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That's the way a computer works, Judith. If a headset is plugged in, it intercepts the speaker output. In other words, you cannot - by default - have your cake and eat it, too.
It is that way on every PC that I know of, and the reason is because the person who uses a headset is normally trying to avoid disturbing those around him/her with the sounds from his/her computer.
A way around it might be provided by the speaker system, if it is external. It might be possible to plug the headset in at the speaker instead of the PC ... but keep in mind that this might disable the microphone on a boom mic/headset, which might need access to the "mic-in" port on the PC.
Thank you very much for your prompt response. I am a bit puzzled though. This sounds very technically inept. So how do most people record and test their work in Captivate? Is it more usual to have a stand alone microphone and normal speakers for the playback? Surely most people are not plugging headphones in and out
I interpreted your post quite differently than my esteemed colleague did. I suppose we will leave it to you to decide.
I inferred that you have a headset microphone plugged into the PC. You recorded, but did not hear anything through the headset when it was connected. Based on what Larry suggested, it would seem that he inferred you recorded, took the headset off and then wondered why nothing played through the PC speakers, when in fact the sound should have been playing through the headset.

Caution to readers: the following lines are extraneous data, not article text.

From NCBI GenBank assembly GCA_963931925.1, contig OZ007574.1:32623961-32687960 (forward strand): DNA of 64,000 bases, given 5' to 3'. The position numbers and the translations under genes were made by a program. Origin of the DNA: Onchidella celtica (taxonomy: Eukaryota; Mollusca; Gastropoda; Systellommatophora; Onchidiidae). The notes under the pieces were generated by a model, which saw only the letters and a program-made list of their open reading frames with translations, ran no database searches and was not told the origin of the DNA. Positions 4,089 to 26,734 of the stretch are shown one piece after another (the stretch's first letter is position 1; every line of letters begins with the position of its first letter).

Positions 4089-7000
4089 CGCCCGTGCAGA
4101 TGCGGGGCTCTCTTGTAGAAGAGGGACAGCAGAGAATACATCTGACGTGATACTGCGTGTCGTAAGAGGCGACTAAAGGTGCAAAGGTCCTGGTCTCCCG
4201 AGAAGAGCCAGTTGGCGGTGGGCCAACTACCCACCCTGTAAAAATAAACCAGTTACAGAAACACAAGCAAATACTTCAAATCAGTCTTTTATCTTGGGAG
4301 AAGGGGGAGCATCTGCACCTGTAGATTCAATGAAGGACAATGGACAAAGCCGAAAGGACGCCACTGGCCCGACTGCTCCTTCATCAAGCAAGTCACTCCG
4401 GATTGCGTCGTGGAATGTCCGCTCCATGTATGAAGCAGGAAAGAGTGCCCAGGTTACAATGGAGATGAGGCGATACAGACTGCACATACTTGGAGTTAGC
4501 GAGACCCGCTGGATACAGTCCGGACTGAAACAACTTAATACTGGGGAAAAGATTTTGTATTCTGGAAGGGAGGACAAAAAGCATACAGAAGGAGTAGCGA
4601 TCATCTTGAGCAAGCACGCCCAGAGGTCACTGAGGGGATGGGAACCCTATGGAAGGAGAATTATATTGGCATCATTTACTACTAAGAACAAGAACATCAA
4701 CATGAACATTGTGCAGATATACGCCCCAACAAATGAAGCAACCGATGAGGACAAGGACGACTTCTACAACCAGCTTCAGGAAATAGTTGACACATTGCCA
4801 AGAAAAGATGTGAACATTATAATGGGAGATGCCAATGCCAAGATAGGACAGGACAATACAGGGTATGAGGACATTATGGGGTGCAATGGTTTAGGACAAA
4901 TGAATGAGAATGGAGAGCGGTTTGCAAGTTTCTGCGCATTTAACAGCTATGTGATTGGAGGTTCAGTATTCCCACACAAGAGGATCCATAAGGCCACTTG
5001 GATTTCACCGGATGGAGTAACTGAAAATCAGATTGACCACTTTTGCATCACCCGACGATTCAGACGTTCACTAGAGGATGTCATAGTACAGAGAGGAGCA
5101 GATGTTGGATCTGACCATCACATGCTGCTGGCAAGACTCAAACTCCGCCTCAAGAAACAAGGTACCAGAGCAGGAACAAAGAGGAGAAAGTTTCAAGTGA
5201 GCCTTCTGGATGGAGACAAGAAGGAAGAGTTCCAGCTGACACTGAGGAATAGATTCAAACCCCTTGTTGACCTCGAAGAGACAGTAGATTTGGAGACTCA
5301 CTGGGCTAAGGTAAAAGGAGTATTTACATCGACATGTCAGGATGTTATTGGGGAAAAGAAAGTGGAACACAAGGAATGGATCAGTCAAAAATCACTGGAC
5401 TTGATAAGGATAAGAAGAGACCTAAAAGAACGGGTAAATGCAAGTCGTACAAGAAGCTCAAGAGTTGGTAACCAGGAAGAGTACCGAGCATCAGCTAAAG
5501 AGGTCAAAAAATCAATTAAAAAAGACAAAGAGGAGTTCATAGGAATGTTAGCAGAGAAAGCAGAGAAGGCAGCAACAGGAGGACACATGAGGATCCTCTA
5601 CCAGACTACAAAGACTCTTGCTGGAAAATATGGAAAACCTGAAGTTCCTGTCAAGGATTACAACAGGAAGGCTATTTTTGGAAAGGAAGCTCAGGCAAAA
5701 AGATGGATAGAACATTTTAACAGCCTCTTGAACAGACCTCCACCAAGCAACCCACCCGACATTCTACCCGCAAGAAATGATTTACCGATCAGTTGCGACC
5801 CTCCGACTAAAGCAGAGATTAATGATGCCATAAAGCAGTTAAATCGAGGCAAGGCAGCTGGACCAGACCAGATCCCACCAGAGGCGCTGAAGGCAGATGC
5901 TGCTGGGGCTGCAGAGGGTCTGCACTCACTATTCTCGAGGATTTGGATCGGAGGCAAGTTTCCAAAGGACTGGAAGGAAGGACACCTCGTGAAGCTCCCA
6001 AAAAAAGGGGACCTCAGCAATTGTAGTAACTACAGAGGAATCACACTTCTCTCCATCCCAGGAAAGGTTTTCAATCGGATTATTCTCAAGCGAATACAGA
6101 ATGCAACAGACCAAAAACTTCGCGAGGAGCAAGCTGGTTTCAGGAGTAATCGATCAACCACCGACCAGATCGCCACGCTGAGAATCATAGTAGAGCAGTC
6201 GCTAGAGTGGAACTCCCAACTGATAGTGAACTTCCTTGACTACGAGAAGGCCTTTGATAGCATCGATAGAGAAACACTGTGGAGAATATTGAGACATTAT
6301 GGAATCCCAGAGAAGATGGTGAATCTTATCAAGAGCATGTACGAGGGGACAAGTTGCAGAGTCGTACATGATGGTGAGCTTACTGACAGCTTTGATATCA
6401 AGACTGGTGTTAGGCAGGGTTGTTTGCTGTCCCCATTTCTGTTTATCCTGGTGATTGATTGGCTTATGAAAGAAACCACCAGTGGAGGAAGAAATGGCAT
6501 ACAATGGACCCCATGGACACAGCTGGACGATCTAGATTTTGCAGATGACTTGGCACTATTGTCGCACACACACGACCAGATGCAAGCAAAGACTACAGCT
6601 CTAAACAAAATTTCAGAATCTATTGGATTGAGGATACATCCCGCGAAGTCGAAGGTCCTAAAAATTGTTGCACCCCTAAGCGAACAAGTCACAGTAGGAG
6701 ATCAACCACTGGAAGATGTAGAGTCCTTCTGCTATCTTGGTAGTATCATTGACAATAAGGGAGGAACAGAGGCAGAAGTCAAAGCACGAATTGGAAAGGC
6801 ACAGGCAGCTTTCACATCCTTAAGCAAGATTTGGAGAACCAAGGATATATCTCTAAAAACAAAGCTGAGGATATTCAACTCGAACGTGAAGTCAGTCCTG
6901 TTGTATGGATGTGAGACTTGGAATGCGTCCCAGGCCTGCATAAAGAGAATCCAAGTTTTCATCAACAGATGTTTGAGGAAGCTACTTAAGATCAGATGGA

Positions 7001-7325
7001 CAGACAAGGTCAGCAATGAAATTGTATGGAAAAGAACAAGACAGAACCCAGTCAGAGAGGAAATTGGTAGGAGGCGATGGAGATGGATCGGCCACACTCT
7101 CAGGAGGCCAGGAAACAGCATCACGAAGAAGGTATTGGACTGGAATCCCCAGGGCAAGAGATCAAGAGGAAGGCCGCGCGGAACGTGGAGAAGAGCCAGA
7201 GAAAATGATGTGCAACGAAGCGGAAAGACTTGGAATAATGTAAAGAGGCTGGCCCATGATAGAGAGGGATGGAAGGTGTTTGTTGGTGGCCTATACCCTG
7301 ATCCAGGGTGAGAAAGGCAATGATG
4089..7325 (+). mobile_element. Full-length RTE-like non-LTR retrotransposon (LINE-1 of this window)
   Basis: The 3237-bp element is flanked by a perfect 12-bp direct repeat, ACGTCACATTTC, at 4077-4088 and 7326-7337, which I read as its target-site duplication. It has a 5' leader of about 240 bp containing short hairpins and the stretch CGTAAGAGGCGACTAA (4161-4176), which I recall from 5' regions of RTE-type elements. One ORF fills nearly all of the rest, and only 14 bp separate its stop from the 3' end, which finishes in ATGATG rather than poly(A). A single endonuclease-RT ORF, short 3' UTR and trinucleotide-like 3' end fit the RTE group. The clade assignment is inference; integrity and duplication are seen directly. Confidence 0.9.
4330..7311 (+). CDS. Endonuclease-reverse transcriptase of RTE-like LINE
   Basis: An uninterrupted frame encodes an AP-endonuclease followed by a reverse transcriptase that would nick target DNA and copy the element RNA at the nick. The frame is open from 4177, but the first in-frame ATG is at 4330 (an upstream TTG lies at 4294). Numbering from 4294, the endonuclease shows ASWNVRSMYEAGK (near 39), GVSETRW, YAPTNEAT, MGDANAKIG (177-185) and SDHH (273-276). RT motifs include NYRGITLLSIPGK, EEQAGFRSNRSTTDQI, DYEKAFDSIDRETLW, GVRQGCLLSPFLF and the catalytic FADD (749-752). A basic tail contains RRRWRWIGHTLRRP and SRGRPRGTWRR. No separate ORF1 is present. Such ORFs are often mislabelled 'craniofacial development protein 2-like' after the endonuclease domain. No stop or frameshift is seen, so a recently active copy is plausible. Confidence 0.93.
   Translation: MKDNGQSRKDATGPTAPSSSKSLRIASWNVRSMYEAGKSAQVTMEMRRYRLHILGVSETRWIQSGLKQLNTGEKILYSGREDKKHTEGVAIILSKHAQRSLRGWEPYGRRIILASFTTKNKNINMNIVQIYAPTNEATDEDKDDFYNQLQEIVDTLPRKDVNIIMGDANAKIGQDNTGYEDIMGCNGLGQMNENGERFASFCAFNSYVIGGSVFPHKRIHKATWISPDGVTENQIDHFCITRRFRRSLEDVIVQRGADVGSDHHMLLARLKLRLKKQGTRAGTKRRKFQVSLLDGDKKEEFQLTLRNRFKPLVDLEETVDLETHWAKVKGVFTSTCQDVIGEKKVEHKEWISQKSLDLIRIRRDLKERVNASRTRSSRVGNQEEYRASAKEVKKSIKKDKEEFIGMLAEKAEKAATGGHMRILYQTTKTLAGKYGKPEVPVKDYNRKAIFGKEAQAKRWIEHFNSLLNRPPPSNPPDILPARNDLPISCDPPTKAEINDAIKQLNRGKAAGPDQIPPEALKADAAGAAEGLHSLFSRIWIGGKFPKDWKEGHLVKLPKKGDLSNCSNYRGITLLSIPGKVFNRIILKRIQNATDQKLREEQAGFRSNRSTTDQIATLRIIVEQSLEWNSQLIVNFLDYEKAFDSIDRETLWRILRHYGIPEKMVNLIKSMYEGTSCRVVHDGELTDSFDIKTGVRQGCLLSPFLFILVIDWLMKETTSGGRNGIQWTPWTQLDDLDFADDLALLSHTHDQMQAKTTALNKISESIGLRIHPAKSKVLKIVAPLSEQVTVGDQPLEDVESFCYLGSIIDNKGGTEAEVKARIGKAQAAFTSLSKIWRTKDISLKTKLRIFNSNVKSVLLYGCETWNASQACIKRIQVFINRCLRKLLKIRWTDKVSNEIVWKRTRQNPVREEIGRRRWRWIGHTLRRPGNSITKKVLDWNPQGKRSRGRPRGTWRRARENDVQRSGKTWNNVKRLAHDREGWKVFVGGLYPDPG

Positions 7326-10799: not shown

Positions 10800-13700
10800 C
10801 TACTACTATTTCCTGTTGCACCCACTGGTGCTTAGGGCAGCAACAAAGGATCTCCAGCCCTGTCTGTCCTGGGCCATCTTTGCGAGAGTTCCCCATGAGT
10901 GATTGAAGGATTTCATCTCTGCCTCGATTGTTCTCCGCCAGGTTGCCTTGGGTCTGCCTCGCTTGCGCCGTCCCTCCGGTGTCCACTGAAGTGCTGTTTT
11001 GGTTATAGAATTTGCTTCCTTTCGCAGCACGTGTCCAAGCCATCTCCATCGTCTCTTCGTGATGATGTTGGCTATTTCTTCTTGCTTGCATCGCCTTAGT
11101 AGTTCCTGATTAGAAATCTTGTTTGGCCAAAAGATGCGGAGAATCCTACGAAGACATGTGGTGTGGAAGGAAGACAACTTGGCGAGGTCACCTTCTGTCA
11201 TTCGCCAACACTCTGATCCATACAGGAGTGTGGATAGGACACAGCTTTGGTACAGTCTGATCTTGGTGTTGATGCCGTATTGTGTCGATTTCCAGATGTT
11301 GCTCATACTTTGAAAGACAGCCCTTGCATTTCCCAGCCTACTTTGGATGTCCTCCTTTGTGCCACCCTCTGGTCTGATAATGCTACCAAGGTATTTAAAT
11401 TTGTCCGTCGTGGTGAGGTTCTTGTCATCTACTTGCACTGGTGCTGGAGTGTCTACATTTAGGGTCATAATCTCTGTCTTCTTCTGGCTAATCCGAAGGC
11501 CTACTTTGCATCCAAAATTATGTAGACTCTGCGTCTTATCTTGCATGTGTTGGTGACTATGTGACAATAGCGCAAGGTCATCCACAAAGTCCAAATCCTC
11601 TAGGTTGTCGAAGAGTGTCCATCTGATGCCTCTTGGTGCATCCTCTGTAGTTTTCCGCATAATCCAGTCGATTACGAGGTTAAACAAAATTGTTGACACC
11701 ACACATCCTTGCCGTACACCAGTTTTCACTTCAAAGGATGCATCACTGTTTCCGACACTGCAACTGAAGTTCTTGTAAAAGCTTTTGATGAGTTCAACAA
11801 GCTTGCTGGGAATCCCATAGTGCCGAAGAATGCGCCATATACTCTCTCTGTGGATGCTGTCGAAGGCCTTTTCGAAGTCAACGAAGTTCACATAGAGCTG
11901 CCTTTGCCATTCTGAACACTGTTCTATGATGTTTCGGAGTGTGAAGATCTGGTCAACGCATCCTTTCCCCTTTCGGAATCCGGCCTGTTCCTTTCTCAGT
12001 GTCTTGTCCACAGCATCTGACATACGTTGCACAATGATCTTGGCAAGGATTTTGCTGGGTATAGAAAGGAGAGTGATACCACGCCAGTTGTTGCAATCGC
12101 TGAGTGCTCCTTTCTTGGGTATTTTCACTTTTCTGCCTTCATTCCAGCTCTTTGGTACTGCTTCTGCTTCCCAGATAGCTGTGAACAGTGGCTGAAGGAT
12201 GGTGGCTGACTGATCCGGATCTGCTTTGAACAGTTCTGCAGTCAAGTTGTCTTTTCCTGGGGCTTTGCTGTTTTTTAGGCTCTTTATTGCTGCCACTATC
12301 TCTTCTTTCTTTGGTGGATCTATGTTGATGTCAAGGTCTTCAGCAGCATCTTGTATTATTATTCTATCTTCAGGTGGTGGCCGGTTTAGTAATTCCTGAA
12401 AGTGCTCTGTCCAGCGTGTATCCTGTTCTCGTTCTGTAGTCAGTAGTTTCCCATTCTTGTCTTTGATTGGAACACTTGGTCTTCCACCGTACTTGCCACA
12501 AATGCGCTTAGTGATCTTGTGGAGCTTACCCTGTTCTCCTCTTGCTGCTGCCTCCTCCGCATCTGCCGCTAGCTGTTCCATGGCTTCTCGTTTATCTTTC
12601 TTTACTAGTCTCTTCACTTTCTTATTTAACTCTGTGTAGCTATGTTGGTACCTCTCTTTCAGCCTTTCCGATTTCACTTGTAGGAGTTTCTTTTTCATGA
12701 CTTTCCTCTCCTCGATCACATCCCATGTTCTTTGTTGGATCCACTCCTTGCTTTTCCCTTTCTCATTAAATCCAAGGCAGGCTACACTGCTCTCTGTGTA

The bottom line is that you should hear audio either way. When the headset is connected, you should hear audio through the headset. When disconnected, through the PC speakers.
In my mind, the looming question would be to ask if you hear any other audio when your headset is connected. Do you hear the normal Windows event sounds? If not, it probably indicates an issue with your headset and the PC, not Captivate.
Ah so, Grasshopper! It may indeed be so that the subject has a second point of view. Honorable Rick has correctly interpreted my selfs unworthy thoughts. Now is to wait and see the case may better be described by herself Judith Venning . . . Jay.
Yes, indeed. It is a headset that should work both ways. After a bit of testing, I have concluded the headset must be at fault, as I can hear through an ordinary headset and without. Thank you for your prompt responese. Judith